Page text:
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Extend goods of marriage to all  

03 November 2022

Consider the fruits of faithful and permanent same-sex relationships, argues Steven Croft

WHAT are the broader fruits of the Church of England’s current position on human sexuality in contemporary culture, holding to the view that it is wrong to bless same-sex unions, to allow clergy to marry their civil partners, and to prohibit clergy and ordinands from an active sexual relationship?

The fruits of our practice have become all too visible in recent years. For individuals, there are feelings of shame and unworthiness on the part of many LGBTQ+ people within the Church; despair, loneliness, and desolation leading to depression, and, sometimes, attempted suicide; efforts to change sexual identity within oneself or others; failed or damaging marriages for those trying to be something that they are not; and a failure to acknowledge the reality of sexual identity, which leads to dishonesty.

In our culture, there is a growing alienation between the institutional Church and much of society, because of a perceived lack of love and fairness. On the other hand, what are the fruits of loving, faithful, same-sex relationships? Many and various, as I perceive them. Christian people are enabled to live better and more fulfilled lives, make a more valuable contribution to our wider society and culture, provide stable families for children, and be a greater blessing to the communities in which they are set.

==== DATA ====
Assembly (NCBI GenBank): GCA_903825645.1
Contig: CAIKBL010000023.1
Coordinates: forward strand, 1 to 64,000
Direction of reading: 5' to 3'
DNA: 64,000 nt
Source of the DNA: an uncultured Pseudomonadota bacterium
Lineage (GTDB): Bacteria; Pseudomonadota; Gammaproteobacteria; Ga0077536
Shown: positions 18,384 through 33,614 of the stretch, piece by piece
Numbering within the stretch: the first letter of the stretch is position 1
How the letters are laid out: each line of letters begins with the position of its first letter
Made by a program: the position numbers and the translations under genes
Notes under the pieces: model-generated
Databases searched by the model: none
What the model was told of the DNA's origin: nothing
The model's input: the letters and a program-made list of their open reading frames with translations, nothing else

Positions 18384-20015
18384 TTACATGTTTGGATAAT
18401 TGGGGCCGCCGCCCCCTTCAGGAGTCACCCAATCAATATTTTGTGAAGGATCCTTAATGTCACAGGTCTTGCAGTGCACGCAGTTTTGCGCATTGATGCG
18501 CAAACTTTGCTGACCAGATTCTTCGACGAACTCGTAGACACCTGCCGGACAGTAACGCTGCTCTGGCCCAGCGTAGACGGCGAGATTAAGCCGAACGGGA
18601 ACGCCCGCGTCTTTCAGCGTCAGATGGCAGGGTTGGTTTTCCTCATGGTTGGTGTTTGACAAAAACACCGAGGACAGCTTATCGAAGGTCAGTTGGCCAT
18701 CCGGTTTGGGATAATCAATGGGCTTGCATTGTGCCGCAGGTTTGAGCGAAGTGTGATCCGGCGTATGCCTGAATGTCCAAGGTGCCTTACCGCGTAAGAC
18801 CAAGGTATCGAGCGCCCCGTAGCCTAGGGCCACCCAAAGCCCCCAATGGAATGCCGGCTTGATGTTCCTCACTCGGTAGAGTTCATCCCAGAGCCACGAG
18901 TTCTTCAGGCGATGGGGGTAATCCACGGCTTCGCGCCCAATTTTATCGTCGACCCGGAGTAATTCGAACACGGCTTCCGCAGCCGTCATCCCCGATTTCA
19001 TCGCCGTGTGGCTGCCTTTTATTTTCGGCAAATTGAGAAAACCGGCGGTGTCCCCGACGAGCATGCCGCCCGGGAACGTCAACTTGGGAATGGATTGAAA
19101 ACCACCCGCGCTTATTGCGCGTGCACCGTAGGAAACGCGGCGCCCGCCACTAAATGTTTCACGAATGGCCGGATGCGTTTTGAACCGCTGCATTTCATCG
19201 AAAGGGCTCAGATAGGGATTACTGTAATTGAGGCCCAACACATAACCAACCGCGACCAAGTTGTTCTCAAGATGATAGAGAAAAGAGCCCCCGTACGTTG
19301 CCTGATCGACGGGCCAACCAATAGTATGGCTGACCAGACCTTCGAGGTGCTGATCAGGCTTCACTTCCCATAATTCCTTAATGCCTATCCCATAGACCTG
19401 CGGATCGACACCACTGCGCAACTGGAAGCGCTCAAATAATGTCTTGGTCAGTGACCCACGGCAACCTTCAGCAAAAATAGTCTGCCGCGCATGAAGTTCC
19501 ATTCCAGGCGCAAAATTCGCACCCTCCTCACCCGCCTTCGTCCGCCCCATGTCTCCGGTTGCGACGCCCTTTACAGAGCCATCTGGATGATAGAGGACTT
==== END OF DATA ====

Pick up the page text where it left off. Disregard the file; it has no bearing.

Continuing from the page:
Is there bad fruit from acceptance of, or the blessing of, these relationships? If there is, I cannot see it. To be sure, a relationship between two people of the same sex can go wrong, just as a relationship between a man and a woman can. But overall, our society has been enriched, not diminished, by the encouragement of stable same-sex unions.

We, therefore, now have a profound dislocation between the Church of England — the established Church, aiming to serve the whole of our society — and the society we are called to serve.

This dislocation is about more than an attitude to some forms of partnership or sexual expression, it is a fundamental disagreement about justice and fairness: we are seen to inhabit a different moral universe.

The next decade seems to me to be a cultural crossroads for Church and society, and the Church of England’s own response to the question of same-sex partnerships and marriage is critical. There may still be time (just) for the fissure that has opened up to be healed, or at least for the healing to begin. But if we delay further, I fear that the consequences for the future mission and life of the Church, for our relationship with the nation, and for the future course of the Christian faith in this country, will be severe.

We have a culture now in which homosexual orientation is viewed in a similar way to being left-handed. It is simply seen as a given. To discriminate against a section of the population on the grounds of a given characteristic (such as the colour of their skin or a disability or sexuality) is unlawful, and is seen to be deeply wrong; a further reason to re-examine our scriptures and the tradition to see if we can find a better way.